Stopping power is largely a myth. They didn't name names but I'm pretty sure the 17 year study they kept referring to was by Marshall & Sanow and they have been completely discredited. Even though their study is discredited the rounds they say are most effective do appear to be the most effective on the street. At least the two in the video did say shot placement is everything if you have a round with sufficient expansion and penetration. I have been a .40 S&W guy for years. My EDC gun was a Glock G23. I still think the .40 is an excellent cartridge and it's ballistics are on a par with the best .45 rounds. But with modern +P JHPs the difference between 9 mm, .40 S&W, and .45 ACP is not that much. Any of them will do the job if you put them where they need to go. In a big step for me I have gone to the 9 mm Kahr PM9 and a Glock G19 for carry guns. I still think the .40 and .45 are more powerful rounds I've just finally joined the majority who say the difference isn't that important. The picture below is self explanatory. The chart is something I did one night bored with nothing else to do. There does seem to be a relationship between kinetic energy and round effectiveness. Quantifying it will probably remain impossible because of the large number of contributing factors that cannot be controlled.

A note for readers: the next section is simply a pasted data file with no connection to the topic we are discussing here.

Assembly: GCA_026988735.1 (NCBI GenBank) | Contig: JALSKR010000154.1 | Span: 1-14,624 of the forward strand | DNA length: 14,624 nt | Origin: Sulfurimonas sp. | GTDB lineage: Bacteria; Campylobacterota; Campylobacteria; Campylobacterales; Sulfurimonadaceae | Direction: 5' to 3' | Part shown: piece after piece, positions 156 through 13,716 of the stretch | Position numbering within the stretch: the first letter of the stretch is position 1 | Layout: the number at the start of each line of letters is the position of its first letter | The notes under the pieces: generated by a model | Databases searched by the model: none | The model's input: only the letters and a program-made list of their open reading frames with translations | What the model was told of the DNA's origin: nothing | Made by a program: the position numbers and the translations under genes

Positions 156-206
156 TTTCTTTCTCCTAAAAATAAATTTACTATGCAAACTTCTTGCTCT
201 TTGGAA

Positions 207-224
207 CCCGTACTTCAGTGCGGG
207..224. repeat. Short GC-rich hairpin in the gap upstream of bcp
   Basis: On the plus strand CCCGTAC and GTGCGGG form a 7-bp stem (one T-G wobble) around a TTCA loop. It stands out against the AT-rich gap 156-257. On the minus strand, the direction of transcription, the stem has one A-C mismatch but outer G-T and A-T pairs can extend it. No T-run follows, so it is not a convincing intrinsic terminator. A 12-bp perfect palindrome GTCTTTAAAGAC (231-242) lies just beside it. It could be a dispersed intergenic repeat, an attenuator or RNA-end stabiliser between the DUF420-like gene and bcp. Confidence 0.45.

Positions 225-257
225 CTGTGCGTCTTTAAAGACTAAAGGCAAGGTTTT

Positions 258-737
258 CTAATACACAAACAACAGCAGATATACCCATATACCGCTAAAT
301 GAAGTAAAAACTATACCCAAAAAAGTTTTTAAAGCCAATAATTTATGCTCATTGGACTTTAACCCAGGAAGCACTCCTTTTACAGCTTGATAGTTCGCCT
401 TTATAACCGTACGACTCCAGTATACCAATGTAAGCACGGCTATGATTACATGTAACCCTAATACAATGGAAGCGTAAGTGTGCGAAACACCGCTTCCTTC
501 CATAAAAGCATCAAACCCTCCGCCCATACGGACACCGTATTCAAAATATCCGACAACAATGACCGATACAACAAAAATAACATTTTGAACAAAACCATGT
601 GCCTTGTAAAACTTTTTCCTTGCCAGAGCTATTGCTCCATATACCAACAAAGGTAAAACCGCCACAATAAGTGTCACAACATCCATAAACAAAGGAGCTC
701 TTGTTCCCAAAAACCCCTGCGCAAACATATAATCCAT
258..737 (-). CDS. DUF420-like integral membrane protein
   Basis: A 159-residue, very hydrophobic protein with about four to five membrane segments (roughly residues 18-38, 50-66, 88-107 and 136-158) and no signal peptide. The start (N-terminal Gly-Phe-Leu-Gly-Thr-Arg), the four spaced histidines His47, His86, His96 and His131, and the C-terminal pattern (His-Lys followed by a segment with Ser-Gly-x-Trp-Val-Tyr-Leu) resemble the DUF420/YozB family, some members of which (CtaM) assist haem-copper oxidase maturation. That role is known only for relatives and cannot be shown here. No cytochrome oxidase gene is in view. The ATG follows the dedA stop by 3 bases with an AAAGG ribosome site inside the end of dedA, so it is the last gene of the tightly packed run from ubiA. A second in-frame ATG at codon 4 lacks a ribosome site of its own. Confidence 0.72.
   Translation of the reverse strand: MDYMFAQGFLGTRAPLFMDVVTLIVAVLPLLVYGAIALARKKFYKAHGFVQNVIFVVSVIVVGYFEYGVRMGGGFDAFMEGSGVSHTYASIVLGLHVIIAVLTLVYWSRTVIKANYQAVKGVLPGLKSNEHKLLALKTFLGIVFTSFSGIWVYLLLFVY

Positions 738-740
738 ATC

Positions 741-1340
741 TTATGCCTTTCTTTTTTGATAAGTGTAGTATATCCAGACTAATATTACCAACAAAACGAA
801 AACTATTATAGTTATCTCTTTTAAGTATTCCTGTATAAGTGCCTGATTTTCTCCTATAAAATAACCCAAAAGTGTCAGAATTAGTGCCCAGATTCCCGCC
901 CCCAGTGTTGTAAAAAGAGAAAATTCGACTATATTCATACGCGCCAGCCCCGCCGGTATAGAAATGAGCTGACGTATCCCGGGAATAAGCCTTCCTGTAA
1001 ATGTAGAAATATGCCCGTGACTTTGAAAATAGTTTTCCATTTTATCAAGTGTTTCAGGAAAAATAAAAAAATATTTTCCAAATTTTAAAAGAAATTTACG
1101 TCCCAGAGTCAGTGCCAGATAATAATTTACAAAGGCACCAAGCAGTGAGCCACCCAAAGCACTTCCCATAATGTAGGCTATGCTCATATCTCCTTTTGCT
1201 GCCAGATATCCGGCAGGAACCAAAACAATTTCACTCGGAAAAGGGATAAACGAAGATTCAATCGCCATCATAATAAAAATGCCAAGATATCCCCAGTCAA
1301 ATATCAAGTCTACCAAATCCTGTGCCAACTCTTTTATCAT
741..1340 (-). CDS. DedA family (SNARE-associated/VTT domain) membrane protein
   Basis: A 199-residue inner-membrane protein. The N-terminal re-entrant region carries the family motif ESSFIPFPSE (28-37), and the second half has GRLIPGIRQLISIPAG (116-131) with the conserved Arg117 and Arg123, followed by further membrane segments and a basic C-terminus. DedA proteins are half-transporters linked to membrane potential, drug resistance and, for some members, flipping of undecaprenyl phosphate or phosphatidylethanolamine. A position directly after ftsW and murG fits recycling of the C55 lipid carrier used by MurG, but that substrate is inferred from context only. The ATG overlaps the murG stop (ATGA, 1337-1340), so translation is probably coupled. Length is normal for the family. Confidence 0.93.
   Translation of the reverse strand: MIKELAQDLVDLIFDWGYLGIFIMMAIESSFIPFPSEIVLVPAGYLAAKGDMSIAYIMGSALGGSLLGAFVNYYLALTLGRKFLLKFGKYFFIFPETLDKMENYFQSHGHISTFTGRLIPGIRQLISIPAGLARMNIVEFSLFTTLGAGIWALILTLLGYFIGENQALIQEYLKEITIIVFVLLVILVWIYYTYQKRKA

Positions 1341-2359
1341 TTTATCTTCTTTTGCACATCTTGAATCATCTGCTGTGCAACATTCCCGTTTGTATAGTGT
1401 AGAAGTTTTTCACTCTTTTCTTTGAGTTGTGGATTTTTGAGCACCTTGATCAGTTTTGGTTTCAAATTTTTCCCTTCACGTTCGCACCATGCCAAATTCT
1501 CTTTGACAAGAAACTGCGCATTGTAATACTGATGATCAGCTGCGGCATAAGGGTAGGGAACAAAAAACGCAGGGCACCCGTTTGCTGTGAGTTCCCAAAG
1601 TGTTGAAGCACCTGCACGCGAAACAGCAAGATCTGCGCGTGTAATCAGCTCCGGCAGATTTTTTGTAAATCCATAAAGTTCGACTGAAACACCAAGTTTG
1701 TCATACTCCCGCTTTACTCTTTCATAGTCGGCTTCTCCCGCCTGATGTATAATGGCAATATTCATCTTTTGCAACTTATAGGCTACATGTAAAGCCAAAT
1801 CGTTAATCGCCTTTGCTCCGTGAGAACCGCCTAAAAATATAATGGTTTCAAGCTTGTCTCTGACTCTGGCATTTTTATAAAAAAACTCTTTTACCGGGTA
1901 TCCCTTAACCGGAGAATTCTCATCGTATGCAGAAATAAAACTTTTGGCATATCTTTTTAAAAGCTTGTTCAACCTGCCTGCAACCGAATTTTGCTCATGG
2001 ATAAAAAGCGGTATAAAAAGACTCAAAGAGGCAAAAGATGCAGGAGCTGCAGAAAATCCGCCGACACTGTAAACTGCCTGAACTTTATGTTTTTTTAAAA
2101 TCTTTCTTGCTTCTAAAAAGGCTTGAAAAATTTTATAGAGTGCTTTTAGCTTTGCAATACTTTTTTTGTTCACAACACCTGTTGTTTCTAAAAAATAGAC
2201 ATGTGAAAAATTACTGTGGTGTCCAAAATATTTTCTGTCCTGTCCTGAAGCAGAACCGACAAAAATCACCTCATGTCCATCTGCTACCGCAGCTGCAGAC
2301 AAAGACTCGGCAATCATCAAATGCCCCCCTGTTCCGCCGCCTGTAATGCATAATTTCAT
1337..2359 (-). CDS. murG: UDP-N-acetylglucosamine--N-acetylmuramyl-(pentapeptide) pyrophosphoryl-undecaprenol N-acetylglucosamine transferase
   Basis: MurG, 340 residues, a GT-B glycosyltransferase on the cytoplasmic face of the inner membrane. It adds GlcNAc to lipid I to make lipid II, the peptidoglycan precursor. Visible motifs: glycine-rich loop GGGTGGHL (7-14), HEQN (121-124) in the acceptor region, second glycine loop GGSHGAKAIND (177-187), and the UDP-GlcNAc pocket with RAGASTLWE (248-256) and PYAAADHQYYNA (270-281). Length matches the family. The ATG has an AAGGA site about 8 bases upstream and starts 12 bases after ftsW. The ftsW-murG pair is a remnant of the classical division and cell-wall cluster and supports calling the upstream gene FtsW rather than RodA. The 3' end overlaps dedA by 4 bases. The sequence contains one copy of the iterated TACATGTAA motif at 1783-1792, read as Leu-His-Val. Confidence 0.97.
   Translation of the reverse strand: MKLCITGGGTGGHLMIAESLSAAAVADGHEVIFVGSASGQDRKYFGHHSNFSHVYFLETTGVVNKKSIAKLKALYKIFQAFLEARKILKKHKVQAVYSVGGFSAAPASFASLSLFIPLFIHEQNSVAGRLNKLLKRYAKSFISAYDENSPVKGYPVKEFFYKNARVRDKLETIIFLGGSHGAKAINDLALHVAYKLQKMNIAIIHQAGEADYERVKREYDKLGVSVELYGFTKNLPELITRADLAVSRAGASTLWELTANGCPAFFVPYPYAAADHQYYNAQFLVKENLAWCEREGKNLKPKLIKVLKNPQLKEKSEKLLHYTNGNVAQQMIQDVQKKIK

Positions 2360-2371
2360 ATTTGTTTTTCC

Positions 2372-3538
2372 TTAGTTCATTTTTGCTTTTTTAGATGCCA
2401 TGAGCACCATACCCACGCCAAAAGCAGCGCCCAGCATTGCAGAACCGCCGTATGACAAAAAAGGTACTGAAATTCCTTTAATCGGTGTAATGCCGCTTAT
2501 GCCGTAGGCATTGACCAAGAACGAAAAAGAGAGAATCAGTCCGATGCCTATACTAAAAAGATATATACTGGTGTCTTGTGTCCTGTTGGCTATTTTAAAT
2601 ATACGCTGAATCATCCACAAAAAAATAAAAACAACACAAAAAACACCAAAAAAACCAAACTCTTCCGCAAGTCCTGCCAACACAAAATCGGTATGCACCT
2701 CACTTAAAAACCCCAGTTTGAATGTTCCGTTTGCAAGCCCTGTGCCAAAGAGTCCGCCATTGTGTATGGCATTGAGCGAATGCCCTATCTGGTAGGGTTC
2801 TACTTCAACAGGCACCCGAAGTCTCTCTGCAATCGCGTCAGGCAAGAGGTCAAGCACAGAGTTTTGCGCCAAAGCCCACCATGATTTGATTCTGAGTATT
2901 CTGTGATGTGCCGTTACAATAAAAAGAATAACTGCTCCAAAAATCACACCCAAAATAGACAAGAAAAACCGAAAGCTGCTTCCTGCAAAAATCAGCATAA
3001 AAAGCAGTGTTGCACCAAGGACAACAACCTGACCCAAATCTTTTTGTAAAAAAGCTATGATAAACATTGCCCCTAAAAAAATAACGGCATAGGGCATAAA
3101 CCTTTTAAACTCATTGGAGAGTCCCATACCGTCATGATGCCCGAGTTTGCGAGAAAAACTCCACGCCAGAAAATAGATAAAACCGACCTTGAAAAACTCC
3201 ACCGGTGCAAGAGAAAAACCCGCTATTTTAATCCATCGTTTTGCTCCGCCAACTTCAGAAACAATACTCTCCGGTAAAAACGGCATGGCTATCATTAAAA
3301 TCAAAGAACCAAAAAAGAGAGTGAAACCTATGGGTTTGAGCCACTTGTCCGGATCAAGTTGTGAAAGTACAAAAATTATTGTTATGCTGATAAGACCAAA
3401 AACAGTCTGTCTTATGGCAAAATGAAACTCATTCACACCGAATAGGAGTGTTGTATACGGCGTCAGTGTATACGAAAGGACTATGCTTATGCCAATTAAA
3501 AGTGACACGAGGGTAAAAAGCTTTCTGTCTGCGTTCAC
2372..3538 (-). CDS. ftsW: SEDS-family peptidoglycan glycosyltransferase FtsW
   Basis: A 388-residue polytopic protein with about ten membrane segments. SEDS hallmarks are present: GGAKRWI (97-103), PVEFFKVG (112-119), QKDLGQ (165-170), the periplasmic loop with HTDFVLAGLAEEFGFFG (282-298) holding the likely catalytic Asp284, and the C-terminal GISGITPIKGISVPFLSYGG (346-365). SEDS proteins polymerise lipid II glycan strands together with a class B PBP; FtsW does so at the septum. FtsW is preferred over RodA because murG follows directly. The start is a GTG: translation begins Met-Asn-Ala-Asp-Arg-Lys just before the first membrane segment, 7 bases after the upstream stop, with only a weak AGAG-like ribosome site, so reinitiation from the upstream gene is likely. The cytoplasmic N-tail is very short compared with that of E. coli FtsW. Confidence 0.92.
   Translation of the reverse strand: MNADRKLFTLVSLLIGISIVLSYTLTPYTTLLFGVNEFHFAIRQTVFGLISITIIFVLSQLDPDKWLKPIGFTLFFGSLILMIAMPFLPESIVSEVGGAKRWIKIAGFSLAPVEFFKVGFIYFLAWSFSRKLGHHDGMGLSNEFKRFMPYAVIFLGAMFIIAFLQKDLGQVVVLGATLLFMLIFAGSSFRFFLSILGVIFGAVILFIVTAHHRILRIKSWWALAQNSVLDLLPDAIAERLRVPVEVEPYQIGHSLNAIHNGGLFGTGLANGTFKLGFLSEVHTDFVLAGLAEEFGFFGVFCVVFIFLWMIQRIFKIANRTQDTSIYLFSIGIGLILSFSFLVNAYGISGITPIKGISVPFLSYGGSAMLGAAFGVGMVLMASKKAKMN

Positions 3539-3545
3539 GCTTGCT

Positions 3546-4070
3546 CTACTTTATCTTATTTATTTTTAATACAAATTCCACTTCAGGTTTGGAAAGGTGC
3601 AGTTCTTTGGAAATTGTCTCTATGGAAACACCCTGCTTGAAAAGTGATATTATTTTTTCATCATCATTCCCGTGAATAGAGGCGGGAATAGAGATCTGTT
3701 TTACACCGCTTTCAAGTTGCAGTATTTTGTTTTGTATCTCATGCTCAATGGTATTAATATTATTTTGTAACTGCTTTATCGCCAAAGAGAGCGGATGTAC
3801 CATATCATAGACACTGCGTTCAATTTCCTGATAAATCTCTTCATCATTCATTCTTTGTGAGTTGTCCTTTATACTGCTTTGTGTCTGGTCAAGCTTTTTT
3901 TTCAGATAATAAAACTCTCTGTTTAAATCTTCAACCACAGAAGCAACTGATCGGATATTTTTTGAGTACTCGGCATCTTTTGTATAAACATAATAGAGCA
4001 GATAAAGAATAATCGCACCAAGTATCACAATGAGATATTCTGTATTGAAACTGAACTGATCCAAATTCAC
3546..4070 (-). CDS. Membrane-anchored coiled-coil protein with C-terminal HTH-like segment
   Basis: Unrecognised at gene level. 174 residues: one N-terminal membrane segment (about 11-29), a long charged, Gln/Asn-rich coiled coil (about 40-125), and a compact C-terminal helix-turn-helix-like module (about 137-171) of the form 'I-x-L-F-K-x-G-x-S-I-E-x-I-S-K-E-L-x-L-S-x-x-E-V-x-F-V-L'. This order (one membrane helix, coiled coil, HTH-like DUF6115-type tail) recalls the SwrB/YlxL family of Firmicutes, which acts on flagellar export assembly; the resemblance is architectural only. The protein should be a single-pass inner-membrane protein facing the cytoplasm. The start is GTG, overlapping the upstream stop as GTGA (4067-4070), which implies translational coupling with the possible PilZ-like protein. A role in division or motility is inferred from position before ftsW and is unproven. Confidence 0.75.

Speer Gold Dot JHP Muzzle Energy Descending Order
980 ft.lbs, 304 m, .44 Magnum 210 gr, 453 BEN
584 ft.lbs, 181 m, .357 Magnum 125 gr
535, ft.lbs, 195 m, .357 Magnum 158 gr
518 ft.lbs, 194 m, .45 ACP +P 200 gr
506 ft.lbs, 169 m, .357 SIG 125 gr
500 ft.lbs, 150 m, .327 FedMagnum 100 gr
496 ft.lbs, 186 m, .40 S&W 155 gr
488 ft.lbs, 185 m, .45 GAP 185 gr
484 ft.lbs, 190 m .40 S&W 165 gr
453 ft.lbs, 195 m, .45 ACP 185 gr
420 ft.lbs, 185 m, .40 S&W 180 gr
418 ft.lbs, 194 m .45 GAP 200 gr
410 ft.lbs, 148 m, 9mm Luger +P 124 gr
404 ft.lbs, 205 m, .45 ACP 230 gr
374 ft.lbs, 139 m, 9mm Luger 115 gr
364 9mm Luger 124 gr
340 .44 Special 200 gr
317 9mm Luger 147 gr
312 45 Colt 250 gr
248 .38 Special +P 125 gr
196 .390 Auto 90 gr
123 .32 Auto 60 gr
63 .25 Auto 35 gr
The second number is momentum in no recognized unit. It is useless for
comparing to anything not on the chart but accurate for displaying relative
momentum between the included rounds.
Of course you will have better stopping power with a larger caliber, but I think the most important thing is having a gun on you and making a well placed shot. I love my Glock 21 but because of it's size I dont carry it all that much. I always carry a 380 and spend more time practicing with it than with a 45.....
This is an excellent video because of the clarity of the commentary voiced by the two presenters. They spoke to the subject in direct language citing examples and not simply spouting opinions. However, I did find that whenever they gave opinions, the opinions were based upon personal experience and not upon hypotheticals.
Placement is thought to be the most important stopping factor. In the video, I was reminded that the design and velocity of the bullet is also of significant importance. I have no doubt that the weight factor also plays a factor in this the bullet’s effectiveness.
Toney, I thank you for bringing this video to our attention. It was most informative.